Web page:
George Orwell (English 246: Fall 2011)

Looking Back on the Spanish Civil War

October 24, 2011 · 20 Comments

In 1943, three years into WWII, Orwell wrote “Looking Back on the Spanish Civil War,” a long meditation on his memories of his experience in the first half of 1937 which he wrote about later that year. Compare and contrast Homage to Catalonia and “Looking Back.” Pay attention to the different emphasis in both works. What is the intention behind writing “Looking Back” and what does he aim to achieve by writing it? How have his attitudes changed? Is the essay a reconsideration? A recollection? Lastly, how and why does he rework his earlier encounter with the Italian militia man in poetic form? What does he mean by the “crystal spirit” in the last stanza of the poem?

Categories: Orwell and Spain

20 responses so far ↓

  • Kyla Machell // March 24, 2010 at 7:07 pm |

    George Orwell’s Homage to Catalonia is a fantastic account of the spanish civil war in which Orwell offers a kind of autobiographical account of his personal war experiences intermingled with commentary on the political situation of the time. The book seems to emphasize Orwell’s objections to the numerous views and information about the war that he found unjust or incorrect. However it is much more than a historical, journalistic account of his experiences in the events of the war, it is Orwell writing the truth as he confronts his struggle with the modern world.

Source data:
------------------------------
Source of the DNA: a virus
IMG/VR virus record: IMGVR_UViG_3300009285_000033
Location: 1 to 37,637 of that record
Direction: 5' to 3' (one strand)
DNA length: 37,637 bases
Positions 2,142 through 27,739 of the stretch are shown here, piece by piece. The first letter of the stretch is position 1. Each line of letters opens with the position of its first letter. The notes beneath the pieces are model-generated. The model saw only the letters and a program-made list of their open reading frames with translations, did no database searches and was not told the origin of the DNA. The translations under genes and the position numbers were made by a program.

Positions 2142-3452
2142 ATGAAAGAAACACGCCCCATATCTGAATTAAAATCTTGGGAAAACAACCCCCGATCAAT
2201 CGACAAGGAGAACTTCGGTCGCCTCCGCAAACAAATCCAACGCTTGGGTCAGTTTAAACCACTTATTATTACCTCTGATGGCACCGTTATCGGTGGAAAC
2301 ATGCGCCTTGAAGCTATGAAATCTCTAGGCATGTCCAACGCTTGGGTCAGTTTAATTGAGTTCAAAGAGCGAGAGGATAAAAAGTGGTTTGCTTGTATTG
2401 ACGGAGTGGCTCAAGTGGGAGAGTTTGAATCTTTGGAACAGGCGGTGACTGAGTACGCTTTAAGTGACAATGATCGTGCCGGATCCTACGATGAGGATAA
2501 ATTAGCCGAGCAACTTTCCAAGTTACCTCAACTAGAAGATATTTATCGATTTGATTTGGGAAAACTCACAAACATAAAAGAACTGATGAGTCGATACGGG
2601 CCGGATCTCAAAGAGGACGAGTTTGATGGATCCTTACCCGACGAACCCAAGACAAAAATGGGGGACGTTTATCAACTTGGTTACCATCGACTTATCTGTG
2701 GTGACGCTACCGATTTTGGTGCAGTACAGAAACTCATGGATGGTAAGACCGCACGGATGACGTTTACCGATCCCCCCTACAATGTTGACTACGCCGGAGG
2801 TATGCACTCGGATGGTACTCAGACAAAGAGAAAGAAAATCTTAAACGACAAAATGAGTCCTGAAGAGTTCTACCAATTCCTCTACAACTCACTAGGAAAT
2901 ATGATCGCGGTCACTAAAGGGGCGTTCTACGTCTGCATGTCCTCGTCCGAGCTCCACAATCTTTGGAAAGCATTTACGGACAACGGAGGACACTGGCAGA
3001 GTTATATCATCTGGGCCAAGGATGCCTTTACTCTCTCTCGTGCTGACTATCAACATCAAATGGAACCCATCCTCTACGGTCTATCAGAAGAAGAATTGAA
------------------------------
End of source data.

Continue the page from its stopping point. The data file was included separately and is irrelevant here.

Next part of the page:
I believe it is this struggle to write the “truth” that Orwell confronts in “Looking Back on the Spanish Civil War.” Here he speaks of “puncturing allusions” (chapter 1) and pointing out the truths which “the bulk of the British and American intelligista were manifestly unaware of it then, and are now” (chapter 1). With Homage to Catalonia and the lessons of the Spanish Civil War behind him, Orwell seeks to revisit those lessons and experiences in the context of World War II. The emphasis in “Looking Back on the Spanish Civil War” is much less journalistic and much more reflective. Orwell is rethinking the political criticisms and statements he made in Homage as he considers the meaning of “truth.” His dismay at the fact that “atrocities are believed in or disbelieved in solely on the grounds of political predilection” (chapter 2) is a reflection on the progress (or lack thereof) in the world of the intelligista since the Spanish Civil War. Orwell is asking whether or not anything really has been learned from Homage. The fragility of truth and what one believes to be reality can change along with the political climate, which is what Orwell seems to be emphasizing in the essay. I think he is seeking to validate his writing in Homage to Catalonia by reflecting on his memories of the experiences and analyzing the extent to which the truth according to himself is or is not fluid.

    The issue of the Italian militiamen, which appears in both Homage to Catalonia and “Looking Back on the Spanish Civil War is a memory in which Orwell sees the truth of the war. This man, “the flower of the European working class” is for Orwell a reminder of what the purpose of the war really was. The Italian militamen begins Homage to Catalonia and ends “Looking Back on the Spanish Civil War.” It is this man and what he represents that Orwell is trying to reflect on and remember in his essay. Orwell looks back on his memory of the Italian militiamen and reworks their encounter to better understand the truth behind it, to remember the “crystal spirit” or the desire for freedom and a minimum standard of living for all people. The “crystal spirit” of the Italian militamen is what the essay is all about; it is, for Orwell, a reminder of the struggle for decency.

  • Janek Jakubisin // March 24, 2010 at 7:13 pm |